The brand new (built to order, just for GB7KH) gateway server was donated on the 20th March 2015 by Ben M0LGN of Onega Ltd. In true radio-amateur fashion, I took the lid off:
The weekend of the 21-22nd March 2015, I was at the Rosmalen Hamfest in The Netherlands, where I picked up a few bits and pieces for the repeater. A nice commercial switching power-supply and a 1U tray to house a few ancillaries. While away, the remote GSM switch arrived from BangGood.
The repeater antenna went up over the Easter weekend (4-6th April) 2015, with a massive effort from many people. Aaron VK3ABX managed to source 2 aluminium scaffold poles for the project, which stand the antenna 3 metres out from the mast. These were collected in the morning from Aaron’s parents – no they didn’t come from Australia! They came on G8OCV’s car (in heavy rain)!
It would not have been possible without Graham M0PAX (who supplied all of the mast hardware, brackets, clamps and cable cleats for the 90 metre run) and Rob M0VFC (who climbed the tower alone, and done all of the work above ground).
John M0UKD took this picture some weeks after the antenna had been fitted, and it was still there!
Rob M0VFC took a panoramic with his cell-phone while up the tower.
There are many, many more pictures in The Photo Gallery, which you are encouraged to check out.
On the evening of 6th April 2015, long after all the others had headed home, myself and G8OCV were in the shack setting up GB7KH for its first use!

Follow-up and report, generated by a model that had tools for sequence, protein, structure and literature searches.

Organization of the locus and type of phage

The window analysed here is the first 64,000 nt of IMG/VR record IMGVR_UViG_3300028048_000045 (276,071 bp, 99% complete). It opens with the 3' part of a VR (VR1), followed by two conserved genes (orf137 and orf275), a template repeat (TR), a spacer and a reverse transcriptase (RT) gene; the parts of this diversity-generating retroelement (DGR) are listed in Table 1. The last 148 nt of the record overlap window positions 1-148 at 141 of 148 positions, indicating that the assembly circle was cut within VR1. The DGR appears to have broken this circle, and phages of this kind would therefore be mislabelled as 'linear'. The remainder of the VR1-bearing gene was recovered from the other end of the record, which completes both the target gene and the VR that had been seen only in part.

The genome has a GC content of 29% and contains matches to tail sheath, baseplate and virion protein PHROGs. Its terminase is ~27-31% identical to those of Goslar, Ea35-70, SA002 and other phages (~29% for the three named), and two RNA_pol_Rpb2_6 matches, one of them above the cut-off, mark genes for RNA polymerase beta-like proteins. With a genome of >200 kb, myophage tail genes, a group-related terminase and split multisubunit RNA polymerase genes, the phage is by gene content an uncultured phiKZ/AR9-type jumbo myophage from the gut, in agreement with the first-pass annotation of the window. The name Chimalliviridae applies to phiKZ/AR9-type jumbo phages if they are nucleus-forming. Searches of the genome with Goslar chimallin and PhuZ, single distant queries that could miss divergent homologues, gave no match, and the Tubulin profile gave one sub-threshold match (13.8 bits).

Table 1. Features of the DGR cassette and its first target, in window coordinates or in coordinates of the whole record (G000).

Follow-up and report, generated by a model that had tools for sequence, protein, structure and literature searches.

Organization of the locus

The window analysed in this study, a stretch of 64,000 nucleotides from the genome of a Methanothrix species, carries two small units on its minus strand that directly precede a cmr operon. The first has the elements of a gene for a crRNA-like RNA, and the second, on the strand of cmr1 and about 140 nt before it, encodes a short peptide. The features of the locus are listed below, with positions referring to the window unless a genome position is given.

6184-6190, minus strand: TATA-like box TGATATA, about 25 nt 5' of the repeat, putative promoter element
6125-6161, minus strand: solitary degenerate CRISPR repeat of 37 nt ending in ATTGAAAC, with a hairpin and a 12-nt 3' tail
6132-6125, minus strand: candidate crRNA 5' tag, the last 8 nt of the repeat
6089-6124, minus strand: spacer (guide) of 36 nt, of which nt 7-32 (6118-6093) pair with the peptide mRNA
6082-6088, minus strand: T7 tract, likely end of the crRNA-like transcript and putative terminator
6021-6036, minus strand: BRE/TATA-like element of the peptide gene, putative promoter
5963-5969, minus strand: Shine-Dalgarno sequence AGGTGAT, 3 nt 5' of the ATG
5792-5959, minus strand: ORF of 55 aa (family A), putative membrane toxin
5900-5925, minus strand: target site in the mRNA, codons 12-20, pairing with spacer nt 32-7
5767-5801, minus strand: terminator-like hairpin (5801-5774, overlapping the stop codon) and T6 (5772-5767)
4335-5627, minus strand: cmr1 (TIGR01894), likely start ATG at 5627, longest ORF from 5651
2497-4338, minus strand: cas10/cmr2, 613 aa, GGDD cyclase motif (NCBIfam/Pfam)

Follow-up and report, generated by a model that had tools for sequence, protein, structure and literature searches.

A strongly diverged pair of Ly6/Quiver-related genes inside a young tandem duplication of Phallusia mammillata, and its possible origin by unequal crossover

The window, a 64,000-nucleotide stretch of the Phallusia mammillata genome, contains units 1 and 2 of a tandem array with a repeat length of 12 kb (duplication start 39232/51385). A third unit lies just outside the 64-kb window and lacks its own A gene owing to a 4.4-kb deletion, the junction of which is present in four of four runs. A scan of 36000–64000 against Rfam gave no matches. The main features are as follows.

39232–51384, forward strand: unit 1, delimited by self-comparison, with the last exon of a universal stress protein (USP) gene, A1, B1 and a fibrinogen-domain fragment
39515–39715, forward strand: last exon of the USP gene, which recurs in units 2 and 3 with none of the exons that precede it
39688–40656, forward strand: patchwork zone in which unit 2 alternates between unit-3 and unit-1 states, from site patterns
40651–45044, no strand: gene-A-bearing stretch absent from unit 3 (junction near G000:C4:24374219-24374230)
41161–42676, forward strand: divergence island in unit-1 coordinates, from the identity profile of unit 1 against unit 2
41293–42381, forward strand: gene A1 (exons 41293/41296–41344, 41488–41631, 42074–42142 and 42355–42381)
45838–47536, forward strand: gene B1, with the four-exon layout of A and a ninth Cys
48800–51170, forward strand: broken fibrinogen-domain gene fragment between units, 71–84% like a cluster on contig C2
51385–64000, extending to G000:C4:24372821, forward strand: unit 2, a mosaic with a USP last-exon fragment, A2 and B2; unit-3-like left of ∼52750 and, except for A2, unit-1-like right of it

In an ongoing program of improvement, on the 9th May 2015, just over a month after it was installed, the RF deck was opened and the interconnects changed for higher quality double-screened cables, to help reduce desensitisation of the receiver from the leaked TX signals inside the cabinet. This is a well known and crucial modification to the Icom hardware.
When I left the site, the repeater was purring away on the bench.
On Sunday 14th June, we added a preamp and notch filter to the repeater. The notch was to remove some strong signals also present on the tower. The preamp helps to overcome some of the feeder loss. Initial reports seem to indicate there is an improvement.
Sunday 12 July 2014 saw the replacement of the old Dell laptop for a much newer, lower energy SuperMicro server (donated new by Ben M0LGN/Onega Ltd). With the repeater case open slightly, you can see the front of the notch filter. Once the rack case arrives from Graham M0PAX, this will all be tied with a new PSU and UPS.
On Sunday 23rd August 2015, Graham M0PAX, Chris G8OCV and myself (M1GEO) went back into the feeder tunnel to better secure the feeder. With more time than we had during the initial install, we were better able to fit the LDF4-50A feeder inside the bunker, and make a better estimate of length. The feeder was trimmed to length and the repeater moved to a more convenient (permanent) location.
On Sunday, 30 August 2015, following the above relocation work, I noticed the network router for the repeater was reporting an increased number of dropped packets on the Ethernet uplink. This was due to damaged cable termination. Some higher quality parts have been ordered to prevent future failures. Thanks to Rob M0VFC for the advice on how to reduce the potential of repeated failures in future.
The story continues with the upgrade to the MMDVM Repeater, which is ongoing…
We are looking to home the repeater on the surface in a cabinet alongside the cell phone equipment, since this would greatly reduce the length of feeder required, and thus improve the TX and RX performance of the repeater. To this end, Rob M0ZPU has sourced us a surface equipment cabinet, with cooling and trace heater, to house the repeater. We’re waiting for some warmer weather to lay foundations for the cabinet and run cables.